Blood importance for the evaluation of the

Blood samples contain an enormous amount of
information and many parameters to choose between. Blood analysis in horses may
be conducted for health testing, disease diagnostics, nutritional control, or performance
prognosis 1. Blood testing involves a wide
range of sub-specialties, including hematology, clinical chemistry, and
cytology. Chemical profiling of the plasma or serum can identify the levels of
various proteins, enzymes, electrolytes and other biochemical molecules that are
indicators of overall health status and metabolic conditions as well as
individual organ function. Plasma chemistry is used in diagnostic investigation
to provide evidence in support of a suspected diagnosis, as a prognostic
indicator, or for to monitor disease progression in animals that are being
treated 2. Plasma chemistry allows the monitoring
of metabolic changes and is often helpful in revealing health disorders in the
preclinical stage. Moreover, routine evaluation of a metabolic profile can
provide important information in the performance diagnosis of sport horses 3. Plasma chemistry is also used to
evaluate feeds and diets but requires a strategy somewhat different from other
sampling techniques; the horse should be its own control, and the samples have
to be taken in small intervals at different times from meals 1.

In clinical chemistry,
blood tests are generally analyzed by using an automated or semi-automated
analyzer. However, some critical factors can restrict the use of these methods,
including the cost of analytical testing and, in some cases, the long waiting period
between sampling and obtaining the analysis results. Human studies have
demonstrated the potential of infrared spectroscopic methods for reliable
clinical chemistry 4,5, clinical applications and disease
diagnosis 6.

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There is growing
interest in applications of infrared spectroscopy as an analytical tool in
different areas of animal production. This technology is used to assess feed
composition and digestibility, to assess traceability, and to determine the
main components of animal products (meat, milk, fish, cheese, eggs) 7. We have previously shown that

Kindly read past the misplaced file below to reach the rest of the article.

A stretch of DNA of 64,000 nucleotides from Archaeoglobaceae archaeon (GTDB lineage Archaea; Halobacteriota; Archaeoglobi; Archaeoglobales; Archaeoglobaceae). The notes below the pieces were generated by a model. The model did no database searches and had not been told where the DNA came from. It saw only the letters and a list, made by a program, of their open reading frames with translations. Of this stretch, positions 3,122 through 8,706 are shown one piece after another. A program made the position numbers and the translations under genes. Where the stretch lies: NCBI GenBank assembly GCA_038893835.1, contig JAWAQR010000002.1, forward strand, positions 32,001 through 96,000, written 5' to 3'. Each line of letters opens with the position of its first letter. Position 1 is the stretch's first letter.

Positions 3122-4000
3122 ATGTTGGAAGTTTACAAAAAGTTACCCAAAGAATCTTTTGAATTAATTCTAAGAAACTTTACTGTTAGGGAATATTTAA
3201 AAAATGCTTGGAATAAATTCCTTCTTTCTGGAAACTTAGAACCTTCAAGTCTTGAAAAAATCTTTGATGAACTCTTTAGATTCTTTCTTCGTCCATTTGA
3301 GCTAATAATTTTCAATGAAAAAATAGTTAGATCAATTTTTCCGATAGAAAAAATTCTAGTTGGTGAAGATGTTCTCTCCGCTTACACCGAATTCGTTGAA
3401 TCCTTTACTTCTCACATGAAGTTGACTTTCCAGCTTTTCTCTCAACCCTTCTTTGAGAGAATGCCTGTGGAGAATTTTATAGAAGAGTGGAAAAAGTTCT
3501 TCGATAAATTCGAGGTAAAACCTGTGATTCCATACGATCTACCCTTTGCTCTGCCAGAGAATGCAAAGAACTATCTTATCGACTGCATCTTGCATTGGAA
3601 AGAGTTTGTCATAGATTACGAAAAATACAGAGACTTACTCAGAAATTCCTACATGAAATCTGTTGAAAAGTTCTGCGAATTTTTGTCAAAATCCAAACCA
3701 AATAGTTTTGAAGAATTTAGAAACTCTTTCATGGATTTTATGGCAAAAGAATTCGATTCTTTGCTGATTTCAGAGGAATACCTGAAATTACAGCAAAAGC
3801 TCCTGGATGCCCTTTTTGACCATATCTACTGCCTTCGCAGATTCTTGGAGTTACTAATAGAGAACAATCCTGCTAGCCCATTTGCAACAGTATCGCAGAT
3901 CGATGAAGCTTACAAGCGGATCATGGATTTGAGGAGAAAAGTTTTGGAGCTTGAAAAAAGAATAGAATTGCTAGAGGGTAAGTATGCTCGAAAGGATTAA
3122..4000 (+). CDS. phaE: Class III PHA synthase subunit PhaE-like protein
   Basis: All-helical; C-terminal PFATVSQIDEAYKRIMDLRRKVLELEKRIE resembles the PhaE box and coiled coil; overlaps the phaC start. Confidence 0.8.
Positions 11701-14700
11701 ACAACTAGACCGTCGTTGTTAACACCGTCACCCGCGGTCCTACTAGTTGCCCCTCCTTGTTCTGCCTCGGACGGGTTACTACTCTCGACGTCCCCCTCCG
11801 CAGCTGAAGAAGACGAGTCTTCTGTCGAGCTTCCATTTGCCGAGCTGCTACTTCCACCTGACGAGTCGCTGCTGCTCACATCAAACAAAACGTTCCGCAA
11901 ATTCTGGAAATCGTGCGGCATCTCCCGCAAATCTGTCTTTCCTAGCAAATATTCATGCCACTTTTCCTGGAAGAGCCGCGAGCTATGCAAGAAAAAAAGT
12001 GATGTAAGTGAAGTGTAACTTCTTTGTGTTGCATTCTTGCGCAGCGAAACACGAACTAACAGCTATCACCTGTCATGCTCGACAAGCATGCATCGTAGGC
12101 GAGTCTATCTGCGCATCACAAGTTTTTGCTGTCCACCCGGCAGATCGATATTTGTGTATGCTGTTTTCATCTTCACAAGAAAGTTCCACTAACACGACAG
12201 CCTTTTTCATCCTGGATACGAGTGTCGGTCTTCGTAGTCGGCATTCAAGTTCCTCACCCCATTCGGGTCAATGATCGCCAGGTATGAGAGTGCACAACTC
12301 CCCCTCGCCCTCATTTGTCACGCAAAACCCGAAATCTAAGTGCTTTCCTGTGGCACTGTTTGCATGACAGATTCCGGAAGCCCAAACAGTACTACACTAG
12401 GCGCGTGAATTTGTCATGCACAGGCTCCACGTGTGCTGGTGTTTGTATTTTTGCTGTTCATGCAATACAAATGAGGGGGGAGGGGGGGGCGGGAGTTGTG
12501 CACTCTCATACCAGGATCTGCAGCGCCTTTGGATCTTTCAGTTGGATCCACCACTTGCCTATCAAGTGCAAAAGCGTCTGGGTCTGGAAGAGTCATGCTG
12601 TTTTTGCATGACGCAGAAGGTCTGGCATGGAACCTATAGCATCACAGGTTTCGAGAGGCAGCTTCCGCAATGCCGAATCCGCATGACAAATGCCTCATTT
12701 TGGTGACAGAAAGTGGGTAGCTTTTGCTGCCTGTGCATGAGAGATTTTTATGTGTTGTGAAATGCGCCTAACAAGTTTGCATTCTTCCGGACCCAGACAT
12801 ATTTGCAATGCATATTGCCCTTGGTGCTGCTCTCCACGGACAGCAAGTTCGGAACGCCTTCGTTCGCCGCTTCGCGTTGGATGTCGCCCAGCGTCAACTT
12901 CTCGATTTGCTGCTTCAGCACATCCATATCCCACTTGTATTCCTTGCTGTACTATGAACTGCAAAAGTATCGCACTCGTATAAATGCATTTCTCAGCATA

FT-MIR spectroscopy offers fairly accurate measurement of various plasma
biomarkers that are of great importance for the evaluation of the metabolism
and inflammatory status of dairy cows 8. Infrared spectroscopy has several
advantages over other analytical techniques: rapidity of analysis, lack of
chemical use, minimal or no sample preparation, and easy applicability in
different work environments (on/in/at line applications) 4,9. However, infrared spectroscopy has
some disadvantages 7: low ability to predict compounds
at very low concentrations, need for an accurate analysis as a reference, need
for highly trained personnel for the development of calibration models, need
for a large and up-to-date calibration data set (often difficult to obtain),
difficulty in transfer of calibration among instruments, and high initial
financial investment costs. The problem of transferring calibration curves from
one instrument to another is being resolved 10,11. This, along with the availability
of cost-effective micro-infrared instruments for use in the field, offers the
possibility of using developed prediction models to make directly measure the
effects of an ever-widening set of parameters on feeds and foods and on
different biological fluids.

To date, to the best of
our knowledge, no reports have investigated the possibility of using infrared
spectroscopy to analyze a set of biochemical parameters in the metabolic profiles
of horses. The objective of the present study was to test the feasibility of
developing prediction models of the main blood biochemical parameters in the metabolic
profiles of horses using FT-MIR spectrometry.